Governmental entities and third parties can submit on-the-ground mobile speed test data to help challenge and verify coverage data submitted by mobile wireless broadband service providers.
Submitting Speed Test Data Using Testing Software and Hardware
In addition to using the FCC Speed Test app (or another third-party speed test app approved by OET for use in the challenge process) to collect on-the-ground speed test data, governments and other entities may collect and submit mobile speed test data for use in the challenge process through their own software and hardware. Entities that choose to submit mobile speed test data using their own software and hardware must ensure that (1)the entity submits a complete description of the methodology used to collect the data and substantiate the data and methodology through the certification of a qualified engineer or official, and (2) the testing implements collect a defined set of metrics.
Description of Methodology:
Entities submitting mobile speed test data into the BDC using their own software and hardware must provide the following information on their data collection methodology (at the same time they upload their speed test data):
- A narrative overview of the overall testing solution, including:
- a description of the test procedures and whether the testing was app-based, software-based, or hardware-based;
- the type of software and hardware used for the testing; and
- a URL link to the software and hardware products used (if available).
- Whether the testing software affects the natural behavior of a tested device, such as by locking the device to a particular radio access technology or spectrum band.
- Information about the devices used in the testing, including supported radio access technologies, data service plan, and whether the devices have internal or external antennas (and the height of the external antennas and antenna gain, if applicable).
- Information about:
- the duration of speed tests and speed test servers, including server type (e.g., iPerf, Ookla) and main configurations between server and client (e.g., SCTP/UDP/TCP);
- the geographic location(s) of the server(s);
- the estimated number of servers; and
- provisioned bandwidth capacity of test servers.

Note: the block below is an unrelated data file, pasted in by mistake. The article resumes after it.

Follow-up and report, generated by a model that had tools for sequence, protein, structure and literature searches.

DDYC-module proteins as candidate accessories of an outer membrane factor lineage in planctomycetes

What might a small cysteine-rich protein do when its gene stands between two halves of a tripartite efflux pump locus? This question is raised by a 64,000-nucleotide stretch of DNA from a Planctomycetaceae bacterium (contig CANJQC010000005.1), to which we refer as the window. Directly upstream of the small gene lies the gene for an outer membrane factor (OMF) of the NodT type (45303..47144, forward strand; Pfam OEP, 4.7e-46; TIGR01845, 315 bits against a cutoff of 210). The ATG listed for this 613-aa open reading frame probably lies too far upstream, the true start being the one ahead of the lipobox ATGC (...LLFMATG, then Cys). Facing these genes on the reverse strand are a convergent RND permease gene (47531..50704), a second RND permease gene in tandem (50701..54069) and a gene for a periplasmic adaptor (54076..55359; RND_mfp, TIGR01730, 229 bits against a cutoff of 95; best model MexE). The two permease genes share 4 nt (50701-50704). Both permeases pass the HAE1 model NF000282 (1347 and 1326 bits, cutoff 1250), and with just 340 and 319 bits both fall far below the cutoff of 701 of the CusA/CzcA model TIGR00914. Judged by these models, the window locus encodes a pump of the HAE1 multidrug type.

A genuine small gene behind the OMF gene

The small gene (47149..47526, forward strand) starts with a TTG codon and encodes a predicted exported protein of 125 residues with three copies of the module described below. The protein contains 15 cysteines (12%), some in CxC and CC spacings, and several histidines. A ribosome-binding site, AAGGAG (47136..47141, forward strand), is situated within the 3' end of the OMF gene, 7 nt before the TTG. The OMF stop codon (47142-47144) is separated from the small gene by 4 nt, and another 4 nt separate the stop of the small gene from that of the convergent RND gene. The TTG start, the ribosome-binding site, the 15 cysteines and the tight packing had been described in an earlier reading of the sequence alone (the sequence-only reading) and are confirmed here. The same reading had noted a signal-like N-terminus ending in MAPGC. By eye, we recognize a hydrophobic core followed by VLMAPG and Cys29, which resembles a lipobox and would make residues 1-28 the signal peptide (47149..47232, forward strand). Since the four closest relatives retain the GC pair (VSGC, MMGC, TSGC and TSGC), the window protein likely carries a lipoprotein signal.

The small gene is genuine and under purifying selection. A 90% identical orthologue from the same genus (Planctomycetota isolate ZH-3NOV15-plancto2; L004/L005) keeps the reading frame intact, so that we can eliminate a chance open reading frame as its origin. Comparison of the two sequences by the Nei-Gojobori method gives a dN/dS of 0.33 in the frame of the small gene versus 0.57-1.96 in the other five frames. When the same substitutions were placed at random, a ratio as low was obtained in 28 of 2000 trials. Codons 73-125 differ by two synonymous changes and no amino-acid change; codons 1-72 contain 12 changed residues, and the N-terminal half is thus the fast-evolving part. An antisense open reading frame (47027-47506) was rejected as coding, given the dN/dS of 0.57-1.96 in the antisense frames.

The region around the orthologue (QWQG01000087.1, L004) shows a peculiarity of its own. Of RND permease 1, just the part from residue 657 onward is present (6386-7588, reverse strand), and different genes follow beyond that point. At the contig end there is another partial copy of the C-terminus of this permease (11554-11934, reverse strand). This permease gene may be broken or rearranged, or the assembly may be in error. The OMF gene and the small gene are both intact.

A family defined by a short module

Required Speed Test Metrics:
Generally, governmental entities and other third-party challengers must submit on-the-ground speed test data that meets the same metrics and parameters as that submitted by consumers, which may be found in the Data Specifications for Mobile Speed Test Data. One notable deviation from the data specification document is that a challenger submitting data using its own software and hardware may submit the International Mobile Equipment Identity (IMEI) of the device used to conduct a speed test instead of the timestamp that test measurement data were transmitted to the app developer's servers, as well as the source IP address and port of the device, as measured by the server.
Governmental and other third-party challengers must use a device that is able to interface with drive test software and/or runs on the Android operating system.
When tests are taken in an in-vehicle mobile environment, governmental entities and other third-party challengers must also indicate whether the test was conducted with the antenna outside of the vehicle.
How a Challenge is Created:
The BDC system will aggregate valid speed tests conducted by consumers with those conducted by governmental and third-party challengers to collectively meet the thresholds (geographic, temporal, and numeric-i.e., testing) specified in 47 CFR § 1.7006(e) of the Commission’s rules in order to create a challenge. Mobile providers are required to respond to challenges from governmental and other third-party challengers in the same way that they are required to respond to consumer challenges.